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Jarkko Hietaniemi
February 23, 2003 07:16
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On Sun, Feb 23, 2003 at 06:37:28AM -0800, Gurusamy Sarathy wrote:
> On Sun, 23 Feb 2003 14:45:06 +0200, Jarkko Hietaniemi wrote:
> >Here's a patch for enabling in runtime the Old Way Of Signals.
> >After much waffling I settled on the $SIG::UNSAFE name for the
> >control variable, which (I think) falls at the right balance of
> >backward portability, least danger of stomping on a user variable,
> >and aesthetics.
> Not having looked at the patch, $SIG::UNSAFE doesn't seem all
> that consistent to me.  Is there a precedent for this style
> of setting a flag?
> IOW, why not C< ${^UNSAFE_SIGNALS}++ >?

We have been through all the possible namings (I think...)
Please read the p5p threads (I think it was "safe signal safe tests").

${^FOO} don't work for old Perls (the whole point being
helpings backward compatibilities).

The alternative way of writing ${^FOO} as ${^"\cFOO"} does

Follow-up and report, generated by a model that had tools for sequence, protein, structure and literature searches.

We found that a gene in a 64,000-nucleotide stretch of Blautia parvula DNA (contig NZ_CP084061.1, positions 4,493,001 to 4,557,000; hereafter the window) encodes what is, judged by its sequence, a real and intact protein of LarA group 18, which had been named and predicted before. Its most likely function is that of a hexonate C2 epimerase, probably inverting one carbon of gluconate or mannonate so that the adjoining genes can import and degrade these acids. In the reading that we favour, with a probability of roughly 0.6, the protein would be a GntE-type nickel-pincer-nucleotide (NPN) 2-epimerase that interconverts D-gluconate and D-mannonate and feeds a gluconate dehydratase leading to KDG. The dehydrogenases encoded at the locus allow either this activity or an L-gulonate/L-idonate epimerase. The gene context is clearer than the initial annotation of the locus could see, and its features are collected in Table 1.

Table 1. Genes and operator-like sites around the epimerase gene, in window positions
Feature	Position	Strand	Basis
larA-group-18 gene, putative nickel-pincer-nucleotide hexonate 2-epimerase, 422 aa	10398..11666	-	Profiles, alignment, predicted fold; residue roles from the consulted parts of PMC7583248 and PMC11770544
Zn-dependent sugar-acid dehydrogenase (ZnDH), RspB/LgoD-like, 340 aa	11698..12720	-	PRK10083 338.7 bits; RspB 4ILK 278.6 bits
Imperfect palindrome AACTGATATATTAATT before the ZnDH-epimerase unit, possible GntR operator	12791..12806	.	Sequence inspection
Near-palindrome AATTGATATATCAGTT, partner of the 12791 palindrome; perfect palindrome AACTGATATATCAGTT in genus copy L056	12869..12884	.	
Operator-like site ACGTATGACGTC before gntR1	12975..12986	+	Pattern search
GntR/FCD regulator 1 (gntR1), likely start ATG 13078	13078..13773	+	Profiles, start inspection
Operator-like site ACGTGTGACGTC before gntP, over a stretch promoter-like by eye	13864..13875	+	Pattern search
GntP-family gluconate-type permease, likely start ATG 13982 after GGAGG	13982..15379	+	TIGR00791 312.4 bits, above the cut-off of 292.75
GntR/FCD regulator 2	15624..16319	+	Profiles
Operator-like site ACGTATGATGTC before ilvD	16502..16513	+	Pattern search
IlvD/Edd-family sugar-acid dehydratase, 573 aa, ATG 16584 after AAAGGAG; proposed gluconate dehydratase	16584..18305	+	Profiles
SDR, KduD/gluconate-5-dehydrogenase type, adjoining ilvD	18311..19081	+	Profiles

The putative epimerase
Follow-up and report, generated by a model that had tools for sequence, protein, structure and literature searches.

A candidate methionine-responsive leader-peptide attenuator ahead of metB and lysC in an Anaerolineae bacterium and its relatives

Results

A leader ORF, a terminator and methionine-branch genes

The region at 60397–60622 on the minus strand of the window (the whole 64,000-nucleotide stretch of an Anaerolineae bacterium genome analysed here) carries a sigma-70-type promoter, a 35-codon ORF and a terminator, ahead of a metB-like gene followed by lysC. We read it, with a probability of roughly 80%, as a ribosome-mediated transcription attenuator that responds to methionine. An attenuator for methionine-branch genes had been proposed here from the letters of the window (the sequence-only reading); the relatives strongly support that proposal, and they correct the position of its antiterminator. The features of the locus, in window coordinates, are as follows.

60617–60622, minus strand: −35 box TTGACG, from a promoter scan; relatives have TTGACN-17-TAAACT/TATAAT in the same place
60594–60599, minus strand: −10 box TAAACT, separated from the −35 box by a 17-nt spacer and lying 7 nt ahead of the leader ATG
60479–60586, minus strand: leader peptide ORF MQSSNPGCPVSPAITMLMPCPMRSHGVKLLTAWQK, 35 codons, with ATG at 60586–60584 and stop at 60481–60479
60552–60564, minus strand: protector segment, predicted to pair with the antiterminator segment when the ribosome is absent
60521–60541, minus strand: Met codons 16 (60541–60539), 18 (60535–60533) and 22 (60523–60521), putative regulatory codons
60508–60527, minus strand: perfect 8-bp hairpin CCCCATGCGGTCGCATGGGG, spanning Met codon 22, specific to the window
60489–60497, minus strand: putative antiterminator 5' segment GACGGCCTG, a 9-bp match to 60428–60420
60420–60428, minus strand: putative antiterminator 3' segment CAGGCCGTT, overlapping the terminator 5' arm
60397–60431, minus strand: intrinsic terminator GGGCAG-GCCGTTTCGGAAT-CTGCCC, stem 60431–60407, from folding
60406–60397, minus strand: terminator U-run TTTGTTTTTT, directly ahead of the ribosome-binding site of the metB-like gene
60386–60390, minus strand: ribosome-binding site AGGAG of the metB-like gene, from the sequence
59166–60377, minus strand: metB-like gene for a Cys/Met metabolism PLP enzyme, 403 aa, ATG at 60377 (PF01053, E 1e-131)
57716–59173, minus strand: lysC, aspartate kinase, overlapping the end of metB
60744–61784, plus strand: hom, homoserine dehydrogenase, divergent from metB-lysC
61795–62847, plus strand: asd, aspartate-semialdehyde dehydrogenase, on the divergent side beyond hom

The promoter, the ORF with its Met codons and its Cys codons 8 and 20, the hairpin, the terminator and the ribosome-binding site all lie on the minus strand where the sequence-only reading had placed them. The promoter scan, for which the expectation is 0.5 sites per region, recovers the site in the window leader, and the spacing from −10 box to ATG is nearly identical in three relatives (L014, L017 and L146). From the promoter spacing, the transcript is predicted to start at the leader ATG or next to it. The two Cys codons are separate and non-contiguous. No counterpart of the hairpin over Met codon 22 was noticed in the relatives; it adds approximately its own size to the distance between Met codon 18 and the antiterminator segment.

not work with local() because Perl thinks that the latter syntax
is a symbolic reference.  (Not to mention that $^{"\c is quite
a mouthful.)  Using local() to temporarily switch in the old
signal behaviour was one of the main planned uses for the features.

> Or even better yet C< $SIG{__ALL__} = 'IMMEDIATE' >?  This could
> be extended in future to allow more specific behaviors:

While I like the syntax $SIG{__FOO__} does not work with -w since
we have (had for a long time) a warning for unknown signals.

No 'no warning' to get rid of the warning since again, backward
compatibility is the primary reason for this whole dance.  I guess
we *could* go for the recipe

	local $^W = 0;
	local $SIG{__ALL__} = ...;

but that runs against another snag with old Perls and using
new metaentries in %SIG: localizing hash elements leaves the
keys hanging in the hash at the scope exit.

> C< $SIG{__ALL__} = 'IGNORE' > would of course disable signal
> handling altogether, which is something one may want to do
> when executing unsafe code or when creating threads or when
> running embedded in another application.
> Just a thought.

Jarkko Hietaniemi <> "There is this special
biologist word we use for 'stable'.  It is 'dead'." -- Jack Cohen

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